Undark: A scientist's quest for unhackable voting machine

UC alumnus invents transparent electronic voting machine

Undark magazine profiled a University of Cincinnati alumnus who creates new voting software.

Juan Gilbert, a professor of computer science at the University of Florida, earned his master's and doctoral degrees in computer science from UC's College of Engineering and Applied Science.

He has dedicated much of his career to election security, inventing electronic voting systems that have been used in elections in Ohio and New Hampshire.

His latest invention is an electronic voting machine surrounded in clear glass so voters can see and verify their paper ballot as it is printed once they cast their votes. Gilbert told Undark that the machine offers more transparency — literally because of the glass — than some other systems.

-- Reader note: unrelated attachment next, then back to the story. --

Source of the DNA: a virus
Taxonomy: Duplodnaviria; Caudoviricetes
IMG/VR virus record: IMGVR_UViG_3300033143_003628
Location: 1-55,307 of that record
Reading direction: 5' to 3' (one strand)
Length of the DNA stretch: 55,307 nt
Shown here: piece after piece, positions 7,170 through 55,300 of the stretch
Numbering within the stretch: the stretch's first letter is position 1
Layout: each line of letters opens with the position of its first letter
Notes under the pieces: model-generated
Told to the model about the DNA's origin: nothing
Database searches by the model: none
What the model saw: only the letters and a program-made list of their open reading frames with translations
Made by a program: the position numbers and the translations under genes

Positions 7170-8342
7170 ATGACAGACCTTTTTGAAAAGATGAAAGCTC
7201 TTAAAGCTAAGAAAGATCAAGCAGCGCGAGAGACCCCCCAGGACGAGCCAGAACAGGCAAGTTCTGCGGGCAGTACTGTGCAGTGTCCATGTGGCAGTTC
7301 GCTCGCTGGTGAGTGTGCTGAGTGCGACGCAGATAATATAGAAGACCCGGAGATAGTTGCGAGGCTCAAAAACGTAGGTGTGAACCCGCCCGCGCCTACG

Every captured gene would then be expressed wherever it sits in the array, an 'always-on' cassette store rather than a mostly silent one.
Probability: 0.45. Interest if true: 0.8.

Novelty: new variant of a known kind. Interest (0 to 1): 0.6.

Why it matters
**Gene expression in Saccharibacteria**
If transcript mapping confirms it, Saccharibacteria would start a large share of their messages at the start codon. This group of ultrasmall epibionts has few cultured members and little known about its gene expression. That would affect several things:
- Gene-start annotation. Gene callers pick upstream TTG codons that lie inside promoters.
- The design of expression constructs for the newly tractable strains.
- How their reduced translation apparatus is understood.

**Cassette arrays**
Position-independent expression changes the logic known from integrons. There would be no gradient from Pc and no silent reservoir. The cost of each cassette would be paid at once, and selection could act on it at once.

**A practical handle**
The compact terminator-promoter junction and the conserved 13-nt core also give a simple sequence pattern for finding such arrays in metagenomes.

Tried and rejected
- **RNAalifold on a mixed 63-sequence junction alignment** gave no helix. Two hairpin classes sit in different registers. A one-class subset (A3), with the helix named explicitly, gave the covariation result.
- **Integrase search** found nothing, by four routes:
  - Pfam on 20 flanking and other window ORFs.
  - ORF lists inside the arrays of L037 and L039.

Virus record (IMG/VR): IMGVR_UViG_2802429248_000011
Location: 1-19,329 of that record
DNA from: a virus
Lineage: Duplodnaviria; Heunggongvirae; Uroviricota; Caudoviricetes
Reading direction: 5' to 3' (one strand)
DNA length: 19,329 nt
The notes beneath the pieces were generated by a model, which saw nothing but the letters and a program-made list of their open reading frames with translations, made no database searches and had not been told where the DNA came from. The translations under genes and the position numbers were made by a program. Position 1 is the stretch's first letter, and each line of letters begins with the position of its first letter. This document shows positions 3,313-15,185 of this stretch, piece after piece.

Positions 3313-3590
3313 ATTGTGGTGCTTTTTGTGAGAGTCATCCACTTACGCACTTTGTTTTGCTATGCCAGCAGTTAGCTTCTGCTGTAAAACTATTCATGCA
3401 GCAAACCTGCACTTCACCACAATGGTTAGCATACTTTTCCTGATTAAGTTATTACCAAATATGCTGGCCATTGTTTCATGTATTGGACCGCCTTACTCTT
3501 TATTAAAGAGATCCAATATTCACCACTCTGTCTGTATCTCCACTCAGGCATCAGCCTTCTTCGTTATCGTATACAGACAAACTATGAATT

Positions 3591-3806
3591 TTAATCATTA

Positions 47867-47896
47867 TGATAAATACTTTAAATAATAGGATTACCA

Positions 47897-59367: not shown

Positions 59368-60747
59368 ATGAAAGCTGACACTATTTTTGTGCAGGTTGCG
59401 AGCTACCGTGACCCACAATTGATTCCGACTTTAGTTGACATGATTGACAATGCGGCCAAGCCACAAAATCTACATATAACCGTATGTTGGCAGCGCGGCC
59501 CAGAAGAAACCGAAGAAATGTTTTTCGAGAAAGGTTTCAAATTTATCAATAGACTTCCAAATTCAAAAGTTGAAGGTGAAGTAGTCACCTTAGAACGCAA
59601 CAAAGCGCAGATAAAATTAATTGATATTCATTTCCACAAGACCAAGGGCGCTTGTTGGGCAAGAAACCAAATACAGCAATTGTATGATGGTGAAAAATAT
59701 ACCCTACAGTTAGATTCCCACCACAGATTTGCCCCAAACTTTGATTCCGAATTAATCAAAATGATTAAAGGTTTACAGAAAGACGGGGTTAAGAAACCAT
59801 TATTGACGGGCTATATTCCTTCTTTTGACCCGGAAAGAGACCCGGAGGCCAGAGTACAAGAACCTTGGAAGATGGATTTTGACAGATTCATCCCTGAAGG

Election security became a national issue after the 2020 presidential election when some Republicans alleged, without evidence, that voting machines were compromised. Now voting machine companies are suing right-wing media outlets and several high-profile supporters of former President Trump for defamation and seeking billions of dollars in damages.

According to Undark, Gilbert, a native of Hamilton, Ohio, has challenged hackers to try to compromise his latest voting system.

Read the Undark profile.

Featured image at top: A sign at the Hamilton County Board of Elections. Photo/Andrew Higley/UC Marketing + Brand

Voting-related imagery from the Hamilton County Board of Elections

Undark profiled University of Cincinnati graduate Juan Gilbert, a computer science professor at the University of Florida who studies election security. Photo/Andrew Higley/UC Marketing + Brand

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